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Pope Francis greeted a group of activists from the Indigenous People of Biafra (IPOB) group, who are campaigning for secession from Nigeria, after they gathered at the Vatican on Sunday.
IPOB is led by Nnamdi Kanu, a U.K.-Nigerian dual citizen who is currently detained in Nigeria, facing trial for treasonable felony. Kanu is the director of Radio Biafra, an underground media outlet that broadcasts material in favour of an independent state of Biafra in southeast Nigeria.
Nigerian military officer Odumegwu Ojukwu declared Biafran independence in 1967, sparking a three-year civil war that resulted in more than one million deaths and ended in 1970 with Biafra being reintegrated into Nigeria. Agitation for a separate state of Biafra has been rejected by the Nigerian government, with President Muhammadu Buhari affirming that the West African country is “one indivisible entity.”
During his weekly Angelus address—where the Pope addresses crowds of pilgrims gathered in St. Peter’s Square from the balcony of the Apostolic Palace—Francis extended a word of welcome to the indigenous people of Biafra. The Pope’s statement was greeted with cheers and celebration by the Biafran group, who were waving flags during the address.
The Pope traditionally greets travelling groups of pilgrims during his weekly addresses and the Vatican has not publicly commented on the Pope’s position on Biafran agitation for secession. Nigeria opened an embassy to the Holy See in August 2012 but diplomatic relations go back to 1976 and were conducted through Nigeria’s embassy in Spain prior to 2012.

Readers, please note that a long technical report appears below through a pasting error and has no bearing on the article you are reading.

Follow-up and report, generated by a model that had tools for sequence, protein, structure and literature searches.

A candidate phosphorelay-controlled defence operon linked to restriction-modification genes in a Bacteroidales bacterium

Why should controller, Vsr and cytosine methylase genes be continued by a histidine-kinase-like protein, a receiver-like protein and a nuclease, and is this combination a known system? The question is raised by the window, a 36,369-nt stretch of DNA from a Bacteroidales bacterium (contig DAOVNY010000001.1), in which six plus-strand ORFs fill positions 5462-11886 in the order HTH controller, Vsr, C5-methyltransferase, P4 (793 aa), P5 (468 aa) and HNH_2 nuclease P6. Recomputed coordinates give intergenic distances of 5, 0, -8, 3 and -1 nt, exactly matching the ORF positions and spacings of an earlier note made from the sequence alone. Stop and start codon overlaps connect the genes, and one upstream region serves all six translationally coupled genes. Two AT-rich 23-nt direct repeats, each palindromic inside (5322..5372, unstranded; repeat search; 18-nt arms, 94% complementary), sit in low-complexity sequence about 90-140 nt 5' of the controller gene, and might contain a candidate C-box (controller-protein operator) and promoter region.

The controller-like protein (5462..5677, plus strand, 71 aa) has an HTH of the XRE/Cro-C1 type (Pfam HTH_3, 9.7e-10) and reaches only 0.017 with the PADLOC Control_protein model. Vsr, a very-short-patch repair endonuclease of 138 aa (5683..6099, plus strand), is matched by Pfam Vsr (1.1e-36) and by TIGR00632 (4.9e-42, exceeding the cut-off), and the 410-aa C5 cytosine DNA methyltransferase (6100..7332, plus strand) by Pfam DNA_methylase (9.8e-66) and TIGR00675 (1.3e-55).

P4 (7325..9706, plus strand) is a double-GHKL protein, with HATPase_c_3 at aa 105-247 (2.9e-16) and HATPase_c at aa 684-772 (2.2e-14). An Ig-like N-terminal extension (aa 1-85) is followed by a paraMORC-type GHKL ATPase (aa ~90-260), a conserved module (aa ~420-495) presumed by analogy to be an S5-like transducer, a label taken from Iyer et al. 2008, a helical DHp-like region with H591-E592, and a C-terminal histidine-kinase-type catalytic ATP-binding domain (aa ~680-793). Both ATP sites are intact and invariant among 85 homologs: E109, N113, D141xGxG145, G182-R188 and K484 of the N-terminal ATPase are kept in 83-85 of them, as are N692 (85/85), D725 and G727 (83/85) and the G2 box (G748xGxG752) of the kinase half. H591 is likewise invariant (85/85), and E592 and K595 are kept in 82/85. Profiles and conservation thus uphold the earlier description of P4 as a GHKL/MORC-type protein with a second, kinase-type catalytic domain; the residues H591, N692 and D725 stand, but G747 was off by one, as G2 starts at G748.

Kanu’s trial is due to commence in the Nigerian capital Abuja on March 7. The charges against the activist, who is based in London, carry a potential life sentence.
During its three-year existence, the majority population of Biafra was made up of members of the Igbo ethnic group. When Britain declared the united state of Nigeria in 1914, Igbos in the east and southeast were joined together with members of the Hausa and Yoruba ethnic groups in the north and west respectively. Igbos are largely Christian while the Hausa are mainly Muslim